Increased spending on food shopping and new food trends in the UK create opportunities for Finnish food and beverage companies.
Already in 2012, BBC reported that Nordic food sales in the UK had been rising for five consecutive years and predicted the trend to continue. The Food People, food trends agency, reported Scandinavian food as the “hottest UK culinary trend of 2011”. In 2017, they also rated trend setting influence for different cuisines, Scandinavian resulting as 3.5 in the scale 1 to 5.
Indeed, popularity of Nordic phenomena, such as Nordic design, IKEA, ‘hygge’, and ‘fika’ have been supporting the interest in Nordic food in the UK as well. Nordic food is considered to be fresh and healthy or, if not the two aforementioned, then at least to be “comfort food”, such as cinnamon buns.
The United Kingdom has 67.6 million consumers and in 2016, the UK consumer expenditure in food, drink and catering was GBP 203 billion. The spending on food shopping rose 24% between 2008 and 2016. This trend is expected to continue. The grocery market segment is expected to be worth GBP 200 billion in 2020.
This growth, along with food trends, offers export opportunities for Finnish companies. As an example, Sweden has reported that in 2014 its grocery exports to the UK grew from GBP 243 million to GBP 343 million.
In health food trend, superfoods have been a growing category recent years. According to Mintel market research, in the UK there was increase of ca. 6% in super food and drink launches to the market. Nordic superfoods, such as berries, can have an increasing demand in the UK. For example, Waitrose, one of the biggest grocery stores in the UK, reported that blueberries are Britain’s favourite berry, leaving strawberry behind, and juniper berry sales are up 17% in 2017.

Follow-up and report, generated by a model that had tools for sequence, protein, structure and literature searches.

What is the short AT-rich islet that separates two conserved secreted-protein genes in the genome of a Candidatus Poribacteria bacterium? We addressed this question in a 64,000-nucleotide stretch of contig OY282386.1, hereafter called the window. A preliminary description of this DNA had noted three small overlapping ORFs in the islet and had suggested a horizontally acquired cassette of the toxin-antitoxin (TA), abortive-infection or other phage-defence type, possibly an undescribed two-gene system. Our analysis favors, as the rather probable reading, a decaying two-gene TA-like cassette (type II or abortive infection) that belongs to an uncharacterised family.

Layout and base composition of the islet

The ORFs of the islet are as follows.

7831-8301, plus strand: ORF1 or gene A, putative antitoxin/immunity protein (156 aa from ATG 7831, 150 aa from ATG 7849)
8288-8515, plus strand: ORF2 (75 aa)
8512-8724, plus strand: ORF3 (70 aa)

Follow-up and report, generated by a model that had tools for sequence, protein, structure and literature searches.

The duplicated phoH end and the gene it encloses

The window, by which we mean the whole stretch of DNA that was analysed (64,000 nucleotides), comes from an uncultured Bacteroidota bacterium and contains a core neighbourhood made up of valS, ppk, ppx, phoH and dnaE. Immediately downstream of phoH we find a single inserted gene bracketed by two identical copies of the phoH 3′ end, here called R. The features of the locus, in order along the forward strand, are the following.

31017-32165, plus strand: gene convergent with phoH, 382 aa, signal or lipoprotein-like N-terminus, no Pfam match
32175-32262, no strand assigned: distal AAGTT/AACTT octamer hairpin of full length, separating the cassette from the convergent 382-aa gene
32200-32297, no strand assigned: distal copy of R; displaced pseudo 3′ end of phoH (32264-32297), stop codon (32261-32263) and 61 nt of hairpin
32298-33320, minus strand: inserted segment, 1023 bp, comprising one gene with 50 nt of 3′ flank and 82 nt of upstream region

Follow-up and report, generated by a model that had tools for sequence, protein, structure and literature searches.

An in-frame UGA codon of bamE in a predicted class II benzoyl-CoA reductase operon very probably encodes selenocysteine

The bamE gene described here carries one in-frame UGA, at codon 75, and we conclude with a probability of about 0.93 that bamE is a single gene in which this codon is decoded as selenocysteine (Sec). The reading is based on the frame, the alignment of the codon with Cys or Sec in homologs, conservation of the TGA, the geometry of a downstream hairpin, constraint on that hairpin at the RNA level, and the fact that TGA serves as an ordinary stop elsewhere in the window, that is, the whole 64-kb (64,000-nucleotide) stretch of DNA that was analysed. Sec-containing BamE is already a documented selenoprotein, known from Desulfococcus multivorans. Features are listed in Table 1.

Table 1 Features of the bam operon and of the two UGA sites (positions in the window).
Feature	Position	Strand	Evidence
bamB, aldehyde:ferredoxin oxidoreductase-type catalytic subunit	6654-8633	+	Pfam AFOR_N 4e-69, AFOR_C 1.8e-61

Gut health is also becoming increasingly trendy, and people are aiming to increase their probiotic and prebiotic intake.
Past years have signalled increase in protein-rich foods, but for the year 2018 it is reported that carbs are coming back. According to the Food People new bread and pasta innovations are making them popular again. This creates an opportunity carb-based comfort and health foods.
One notion of food trends in the UK is that they are shifting many more people to veganism or flexitarianism (eating predominantly, but not strictly, vegetarian) and dairy-free products. For instance, Kantar reports that the dairy-free segment has grown from 1.7% to 3.4% of the total dairy market in the last five years. Additionally, the dairy-free market has grown 18.3% between 2016-2017. These trends represent a growing opportunity for high-quality meat alternatives i.e. plant-based proteins.
Also the UK government reports of the growth of free-from market. According to them, one-third of British consumers are buying and eating some sort of free-from food. Numbers presented are:
22% buy gluten-free products
19% buy dairy-free products
16% buy wheat-free and lactose-free products
Baked gluten-free goods with a retail value of GBP 210 million, represent the majority of the free-from category and has in the recent years shown two-digit growth numbers. Frozen free-from food products are now worth approximately GBP 15 million with frozen prepared ready meals contributing to just over GBP 9 million of the market value.
Products with good market potential include:
Plant-based products, especially plant-based products that are rich in protein, such as fava bean products etc.
Sustainable products, ethically and sustainably produced
Superfoods and wild products, such as beatroot, berries (especially bilberry), chaga, birch sap, mushrooms etc.
Fish, especially fatty, wild, or sustainable
Nordic comfort food, such as cinnamon buns
Free-from products – lactose, gluten, wheat, dairy-free
Products that improve gut health
Snack innovations, such as fibre and protein-rich snacks
Coffee innovations, such as coffee RTD coffee drinks and instant coffees